The east coast likes their "Pop".

A lot of heat has been coming into the Bay Area recently, in particular near my house it has been getting into the high 90’s and perhaps low 100’s (roughly mid to high 30’s (305’s) for those fans of Celsius (or Kelvin)).

That sort of heat starts to greatly limit the options of what to do. They are sadly reduced down to activities like siting inside a cool house with a computer and sitting around a cool pool with a book. Sometimes there are radical activities in the heat like getting up to get a drink and (rarely) moving around deck furniture.

However as I am soon to be in Seattle for a bit of time I am doing my best to embrace these arduous activities of summer, I must make sure I contribute to the appreciation of the heat.

Of course my opinion of the warm weather would drastically changed if I had to work or do anything in it. Let us hope that does not happen anytime soon.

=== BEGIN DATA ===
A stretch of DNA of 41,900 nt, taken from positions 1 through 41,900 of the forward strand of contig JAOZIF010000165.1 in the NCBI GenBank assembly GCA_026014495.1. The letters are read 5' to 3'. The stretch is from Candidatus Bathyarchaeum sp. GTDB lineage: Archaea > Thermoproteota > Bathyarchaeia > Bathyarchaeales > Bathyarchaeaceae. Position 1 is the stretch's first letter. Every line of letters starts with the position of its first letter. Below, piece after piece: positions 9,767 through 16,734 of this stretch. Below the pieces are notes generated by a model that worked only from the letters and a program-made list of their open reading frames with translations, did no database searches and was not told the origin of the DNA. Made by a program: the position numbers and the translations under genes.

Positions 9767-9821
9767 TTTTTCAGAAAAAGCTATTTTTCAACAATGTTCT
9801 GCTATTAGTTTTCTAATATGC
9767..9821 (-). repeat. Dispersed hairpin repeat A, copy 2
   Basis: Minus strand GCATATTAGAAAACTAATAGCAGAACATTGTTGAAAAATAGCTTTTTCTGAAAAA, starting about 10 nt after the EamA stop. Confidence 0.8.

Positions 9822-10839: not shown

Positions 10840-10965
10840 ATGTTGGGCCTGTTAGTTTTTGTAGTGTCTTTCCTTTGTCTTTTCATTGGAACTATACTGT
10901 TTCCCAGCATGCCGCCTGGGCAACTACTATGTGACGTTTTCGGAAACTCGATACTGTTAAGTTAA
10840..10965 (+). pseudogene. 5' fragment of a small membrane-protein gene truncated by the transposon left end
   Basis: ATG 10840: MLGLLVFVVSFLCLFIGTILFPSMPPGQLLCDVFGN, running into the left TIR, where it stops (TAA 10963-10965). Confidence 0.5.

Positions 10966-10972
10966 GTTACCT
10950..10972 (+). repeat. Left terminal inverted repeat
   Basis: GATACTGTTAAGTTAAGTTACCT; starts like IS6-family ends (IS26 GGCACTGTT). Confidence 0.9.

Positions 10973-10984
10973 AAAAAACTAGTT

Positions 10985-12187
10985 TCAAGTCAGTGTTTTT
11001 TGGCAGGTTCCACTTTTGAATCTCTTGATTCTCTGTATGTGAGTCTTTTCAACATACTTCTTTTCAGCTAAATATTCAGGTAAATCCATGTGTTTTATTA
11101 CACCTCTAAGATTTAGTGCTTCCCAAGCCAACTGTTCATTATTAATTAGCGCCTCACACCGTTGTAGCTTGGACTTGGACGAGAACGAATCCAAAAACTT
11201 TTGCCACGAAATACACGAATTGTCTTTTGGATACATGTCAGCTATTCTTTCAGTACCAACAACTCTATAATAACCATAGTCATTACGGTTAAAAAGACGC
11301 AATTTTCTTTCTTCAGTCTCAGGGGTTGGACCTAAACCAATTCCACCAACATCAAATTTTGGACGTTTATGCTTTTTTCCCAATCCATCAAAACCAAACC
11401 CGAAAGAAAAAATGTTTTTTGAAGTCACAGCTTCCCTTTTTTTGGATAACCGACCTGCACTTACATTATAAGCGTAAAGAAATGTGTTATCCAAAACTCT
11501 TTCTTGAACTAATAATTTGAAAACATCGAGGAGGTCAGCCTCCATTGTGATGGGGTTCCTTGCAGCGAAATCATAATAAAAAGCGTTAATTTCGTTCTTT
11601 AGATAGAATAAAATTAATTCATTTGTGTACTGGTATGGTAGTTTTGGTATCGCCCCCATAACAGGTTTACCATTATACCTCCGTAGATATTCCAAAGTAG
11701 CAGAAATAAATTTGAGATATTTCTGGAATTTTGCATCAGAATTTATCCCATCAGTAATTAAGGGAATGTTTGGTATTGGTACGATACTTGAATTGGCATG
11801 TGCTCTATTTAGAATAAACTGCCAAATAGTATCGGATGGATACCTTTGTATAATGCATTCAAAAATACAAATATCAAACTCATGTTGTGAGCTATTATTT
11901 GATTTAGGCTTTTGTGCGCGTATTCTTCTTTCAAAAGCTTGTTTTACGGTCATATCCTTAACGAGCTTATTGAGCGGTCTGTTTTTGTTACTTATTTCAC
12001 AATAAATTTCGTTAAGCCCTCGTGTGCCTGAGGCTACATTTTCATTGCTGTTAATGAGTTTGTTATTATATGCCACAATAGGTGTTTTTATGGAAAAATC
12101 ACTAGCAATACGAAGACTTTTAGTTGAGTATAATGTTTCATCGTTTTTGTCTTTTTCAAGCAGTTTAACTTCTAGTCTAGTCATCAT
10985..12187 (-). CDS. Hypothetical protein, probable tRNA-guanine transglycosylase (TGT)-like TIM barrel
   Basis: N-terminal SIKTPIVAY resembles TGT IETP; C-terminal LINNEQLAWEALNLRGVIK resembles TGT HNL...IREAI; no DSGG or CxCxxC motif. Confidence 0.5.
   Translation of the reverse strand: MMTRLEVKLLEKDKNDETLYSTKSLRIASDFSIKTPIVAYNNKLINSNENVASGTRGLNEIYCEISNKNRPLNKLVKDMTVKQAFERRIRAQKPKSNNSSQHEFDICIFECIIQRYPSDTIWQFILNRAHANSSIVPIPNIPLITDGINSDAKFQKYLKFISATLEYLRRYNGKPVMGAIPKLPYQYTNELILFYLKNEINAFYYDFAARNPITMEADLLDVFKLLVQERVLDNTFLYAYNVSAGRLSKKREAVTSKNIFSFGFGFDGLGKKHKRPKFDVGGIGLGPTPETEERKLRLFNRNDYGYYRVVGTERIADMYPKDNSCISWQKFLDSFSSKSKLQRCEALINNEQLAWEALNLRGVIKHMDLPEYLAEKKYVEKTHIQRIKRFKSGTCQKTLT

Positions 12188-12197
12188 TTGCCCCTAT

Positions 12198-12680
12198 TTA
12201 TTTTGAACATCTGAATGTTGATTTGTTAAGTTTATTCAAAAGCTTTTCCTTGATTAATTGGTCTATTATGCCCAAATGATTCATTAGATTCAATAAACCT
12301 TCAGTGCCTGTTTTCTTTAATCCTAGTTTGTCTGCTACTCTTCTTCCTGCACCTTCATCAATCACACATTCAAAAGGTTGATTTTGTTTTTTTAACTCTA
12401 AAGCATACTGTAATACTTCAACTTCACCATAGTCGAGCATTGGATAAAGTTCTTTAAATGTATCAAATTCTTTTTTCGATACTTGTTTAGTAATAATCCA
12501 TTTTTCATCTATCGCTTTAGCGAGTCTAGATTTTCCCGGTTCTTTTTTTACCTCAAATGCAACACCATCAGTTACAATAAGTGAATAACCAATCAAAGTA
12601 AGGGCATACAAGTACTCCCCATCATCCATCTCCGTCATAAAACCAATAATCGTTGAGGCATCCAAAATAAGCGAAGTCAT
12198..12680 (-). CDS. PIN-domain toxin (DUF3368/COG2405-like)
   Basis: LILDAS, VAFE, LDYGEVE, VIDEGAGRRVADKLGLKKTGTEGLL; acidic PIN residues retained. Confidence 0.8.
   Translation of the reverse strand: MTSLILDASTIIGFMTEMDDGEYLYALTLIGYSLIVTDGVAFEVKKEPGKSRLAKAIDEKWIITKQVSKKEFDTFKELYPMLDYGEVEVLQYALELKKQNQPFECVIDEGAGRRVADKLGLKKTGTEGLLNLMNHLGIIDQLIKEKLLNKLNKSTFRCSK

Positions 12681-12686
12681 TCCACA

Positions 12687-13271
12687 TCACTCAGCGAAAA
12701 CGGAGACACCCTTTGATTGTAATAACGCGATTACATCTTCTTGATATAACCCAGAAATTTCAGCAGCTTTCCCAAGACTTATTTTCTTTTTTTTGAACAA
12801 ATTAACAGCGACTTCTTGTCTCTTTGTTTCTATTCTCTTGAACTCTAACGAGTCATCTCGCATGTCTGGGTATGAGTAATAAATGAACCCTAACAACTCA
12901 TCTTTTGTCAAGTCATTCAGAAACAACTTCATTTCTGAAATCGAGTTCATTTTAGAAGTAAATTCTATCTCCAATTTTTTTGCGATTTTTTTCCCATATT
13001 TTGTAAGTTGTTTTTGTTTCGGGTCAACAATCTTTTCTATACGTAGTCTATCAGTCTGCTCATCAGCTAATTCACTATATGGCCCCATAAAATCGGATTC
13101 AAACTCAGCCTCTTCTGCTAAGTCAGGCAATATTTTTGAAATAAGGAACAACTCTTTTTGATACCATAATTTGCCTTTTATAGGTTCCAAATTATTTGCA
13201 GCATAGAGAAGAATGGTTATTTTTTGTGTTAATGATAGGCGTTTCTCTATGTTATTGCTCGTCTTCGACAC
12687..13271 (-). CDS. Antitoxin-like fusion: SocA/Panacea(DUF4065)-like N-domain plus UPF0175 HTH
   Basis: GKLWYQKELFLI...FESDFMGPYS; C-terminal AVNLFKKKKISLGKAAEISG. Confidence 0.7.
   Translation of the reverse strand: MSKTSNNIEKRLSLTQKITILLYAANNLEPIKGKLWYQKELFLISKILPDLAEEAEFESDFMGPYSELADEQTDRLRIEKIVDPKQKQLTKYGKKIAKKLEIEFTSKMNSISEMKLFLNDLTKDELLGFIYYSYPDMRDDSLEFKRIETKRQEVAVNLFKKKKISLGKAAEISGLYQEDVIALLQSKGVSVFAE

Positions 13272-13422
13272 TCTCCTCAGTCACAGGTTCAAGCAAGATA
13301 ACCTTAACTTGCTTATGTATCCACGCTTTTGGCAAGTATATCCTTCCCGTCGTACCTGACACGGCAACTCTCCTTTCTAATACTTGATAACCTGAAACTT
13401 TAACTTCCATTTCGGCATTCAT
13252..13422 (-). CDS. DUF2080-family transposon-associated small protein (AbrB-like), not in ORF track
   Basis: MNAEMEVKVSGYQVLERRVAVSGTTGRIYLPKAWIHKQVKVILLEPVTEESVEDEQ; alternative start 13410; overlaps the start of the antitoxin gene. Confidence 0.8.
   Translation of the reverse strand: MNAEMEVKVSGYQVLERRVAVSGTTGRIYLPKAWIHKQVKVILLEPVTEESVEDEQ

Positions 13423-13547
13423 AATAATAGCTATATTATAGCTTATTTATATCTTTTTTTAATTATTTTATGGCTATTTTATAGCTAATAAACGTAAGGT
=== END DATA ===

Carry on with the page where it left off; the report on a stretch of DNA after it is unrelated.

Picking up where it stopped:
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This is not Pavement.

This is not Pavement.

Twice in the past week I have had discussions about the phrase “new and improved”, mostly starting by someone saying that an item cannot be both. Let us look at this.

The way I see this phrase is that an object can hold the characteristics of new as well as the characteristics of improved.

If I have a drawer full of forks that are all used and slightly worn and someone gives me an identical model fork but right from the factory it is then a new fork. Even though I have many like it, this one has not been uesd.

Now if I take an existing fork and tape a guiding laser along the tines the fork is very much improved.

So if someone gives me a new from the factory fork that is the same as all the rest, except that it now has a guiding laser would it not then be new and improved?